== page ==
• 1930 ~ Friedrich Gulda, Austrian pianist/composer

• 1946 ~ The Irving Berlin musical, Annie Get Your Gun, at New York’s Imperial Theatre. One of the most successful shows presented on a Broadway stage, the show ran for 1,147 performances.

• 1947 ~ Barbara Lee, Singer with The Chiffons

• 1947 ~ Darrel Sweet, Drummer, singer

• 1953 ~ Bill Haley and His Comets made it to the Billboard music charts for the first time with Crazy Man Crazy. The tune went to number six and became the first rock ’n’ roll record to make the pop music chart.

• 1965 ~ The Roar of the Greasepaint, The Smell of the Crowd, a Broadway musical starring Anthony Newley, made its premiere at the Shubert Theatre in New York City. Cyril Ritchard appeared in the production which entertained audiences for 231 performances.

• 1966 ~ Janet Jackson, Singer

• 1990 ~ Jim Henson, the famous creator who of the Muppets, a cast of puppets including Kermit the Frog, Big Bird, Elmo, Ernie and Bert, died at the age of 54.

• 1990 ~ The entertainer who could do it all, Sammy Davis, Jr., died this day, in Beverly Hills, California, USA. From vaudeville at age three (with his father and uncle) to the star of Broadway’s “Mr. Wonderful”, from Las Vegas nightclubs to hit records, the actor, singer, dancer, impersonator, and musician performed his way into the hearts of young and old everywhere. The world mourned the passing of Sammy Davis, Jr. at age 64 of throat cancer.

• 1993 ~ Marv Johnson passed away.  He was an American R&B and soul singer.

• 1995 ~ Lola Flores, fiery Spanish dancer and singer, died. She made many films but was best known for her flamenco movements and passionate songs.

• 2010 ~ Hank Jones, American jazz pianist and composer, died at the age of 91

April 8: On This Day in Music

today

Buddha’s Birthday

. 1692 ~ Giuseppe Tartini, Venetian Baroque composer and violinist (Trillo del Diavolo)

. 1848 ~ Gaetano Donizetti (born in 1797), died in Bergamo. He was an Italian composer.

. 1889 ~ Sir Adrian Boult, British conductor. In 1918 Gustav Holst asked him to conduct the first performance of “The Planets.”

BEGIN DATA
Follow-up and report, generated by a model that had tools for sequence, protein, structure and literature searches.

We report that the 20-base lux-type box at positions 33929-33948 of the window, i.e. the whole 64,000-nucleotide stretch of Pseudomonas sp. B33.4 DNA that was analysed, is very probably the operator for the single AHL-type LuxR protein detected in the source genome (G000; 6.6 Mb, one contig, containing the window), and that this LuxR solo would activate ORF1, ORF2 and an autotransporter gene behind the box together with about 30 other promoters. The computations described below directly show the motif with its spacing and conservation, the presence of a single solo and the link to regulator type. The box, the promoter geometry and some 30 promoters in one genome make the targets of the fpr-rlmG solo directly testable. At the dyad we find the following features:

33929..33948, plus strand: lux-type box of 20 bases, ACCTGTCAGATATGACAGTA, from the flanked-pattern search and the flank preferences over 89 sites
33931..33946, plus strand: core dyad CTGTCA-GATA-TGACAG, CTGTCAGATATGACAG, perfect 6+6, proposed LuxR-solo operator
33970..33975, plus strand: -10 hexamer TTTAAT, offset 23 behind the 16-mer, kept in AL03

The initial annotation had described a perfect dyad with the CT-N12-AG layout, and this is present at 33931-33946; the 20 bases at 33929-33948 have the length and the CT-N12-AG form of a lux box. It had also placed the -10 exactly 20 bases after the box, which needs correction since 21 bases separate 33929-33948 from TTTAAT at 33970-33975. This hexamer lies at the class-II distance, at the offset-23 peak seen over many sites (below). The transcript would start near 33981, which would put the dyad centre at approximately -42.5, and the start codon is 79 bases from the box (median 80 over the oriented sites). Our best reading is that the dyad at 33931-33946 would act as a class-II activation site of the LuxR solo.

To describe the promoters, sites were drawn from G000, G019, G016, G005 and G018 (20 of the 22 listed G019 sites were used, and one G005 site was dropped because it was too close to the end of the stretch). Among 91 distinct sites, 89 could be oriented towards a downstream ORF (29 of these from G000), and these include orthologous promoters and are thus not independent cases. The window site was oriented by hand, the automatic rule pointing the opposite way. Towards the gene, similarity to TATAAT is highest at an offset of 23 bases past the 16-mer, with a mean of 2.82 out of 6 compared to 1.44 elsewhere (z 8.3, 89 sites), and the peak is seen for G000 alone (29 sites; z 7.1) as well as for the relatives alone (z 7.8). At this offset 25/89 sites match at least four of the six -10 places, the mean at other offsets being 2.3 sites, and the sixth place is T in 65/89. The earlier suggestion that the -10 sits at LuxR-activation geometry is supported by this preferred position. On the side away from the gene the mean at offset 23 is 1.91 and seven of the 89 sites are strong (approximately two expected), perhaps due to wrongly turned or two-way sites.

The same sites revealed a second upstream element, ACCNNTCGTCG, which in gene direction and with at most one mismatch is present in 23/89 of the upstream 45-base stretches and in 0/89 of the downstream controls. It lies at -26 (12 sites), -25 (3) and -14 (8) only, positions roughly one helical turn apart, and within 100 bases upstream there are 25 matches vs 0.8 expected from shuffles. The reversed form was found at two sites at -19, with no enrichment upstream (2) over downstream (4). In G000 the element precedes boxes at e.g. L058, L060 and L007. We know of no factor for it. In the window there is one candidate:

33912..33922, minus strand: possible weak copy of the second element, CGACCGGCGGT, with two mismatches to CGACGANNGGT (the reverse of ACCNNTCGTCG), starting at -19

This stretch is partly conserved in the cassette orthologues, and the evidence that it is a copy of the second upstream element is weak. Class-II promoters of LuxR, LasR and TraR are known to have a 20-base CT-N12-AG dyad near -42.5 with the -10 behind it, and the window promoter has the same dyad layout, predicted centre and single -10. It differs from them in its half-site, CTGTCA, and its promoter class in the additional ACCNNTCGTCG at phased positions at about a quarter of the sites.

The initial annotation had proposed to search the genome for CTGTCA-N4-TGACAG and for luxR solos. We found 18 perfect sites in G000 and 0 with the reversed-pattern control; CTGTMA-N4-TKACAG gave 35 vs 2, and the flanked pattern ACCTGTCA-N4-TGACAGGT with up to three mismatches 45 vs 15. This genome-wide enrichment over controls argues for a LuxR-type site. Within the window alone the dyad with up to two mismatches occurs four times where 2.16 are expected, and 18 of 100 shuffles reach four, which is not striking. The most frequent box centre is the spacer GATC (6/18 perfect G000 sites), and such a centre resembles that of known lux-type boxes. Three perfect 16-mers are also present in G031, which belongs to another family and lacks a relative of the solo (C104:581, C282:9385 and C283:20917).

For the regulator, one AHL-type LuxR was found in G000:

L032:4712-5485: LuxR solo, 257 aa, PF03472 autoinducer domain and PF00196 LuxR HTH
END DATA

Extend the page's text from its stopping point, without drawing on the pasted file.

. 1920 ~ Charles Tomlinson Griffes, US composer (White Peacock), died at the age of 35

. 1922 ~ Carmen McRae, US jazz singer/pianist

. 1923 ~ Franco Corelli, Italian tenor, debut: Spoleto (Italy) as Don Jose in Bizet’s Carmen in 1951; in films: Great Moments in Opera, Franco Corelli in Tosca, The Great Tenors – Voice of Firestone Classic Performances

. 1929 ~ Jacques Brel, Belgian-born French singer and songwriter

. 1941 ~ Peggy Lennon, Singer with The Lennon Sisters

. 1950 ~ Vaslav Nijinsky, legendary Russian ballet dancer, died. He is generally regarded as the 20th century’s greatest male dancer.

. 1963 ~ Julian Lennon, Singer, son of John and Cynthia Lennon

. 1968 ~ The Beatles went gold again, receiving a gold record for the single, Lady Madonna.

. 1971 ~ Chicago became the first rock group to play Carnegie Hall in New York City.

. 1986 ~ It took 18 years of singing the U.S. national anthem, but on this day, at long last, baritone Robert Merrill of the Metropolitan Opera became the first person to both sing the anthem and throw out the first ball at Yankee Stadium for the Yanks home opener.

. 2001 ~ Van Stephenson, a hit Nashville songwriter who also earned onstage success as a member of the trio BlackHawk, died after suffering from cancer at the age of 47. Stephenson released two albums as a solo pop artist in the 1980s, and scored the hit Modern Day Delilah in 1984. Moving back to Nashville from Los Angeles, Stephenson partnered with songwriter Dave Robbins to write a string of hits for Restless Heart, Dan Seals, and others. Stephenson and Robbins teamed up with former Outlaws singer Henry Paul at the suggestion of record executive Tim DuBois. The trio has had a string of hits since 1993, including Goodbye Says it All and Down in Flames.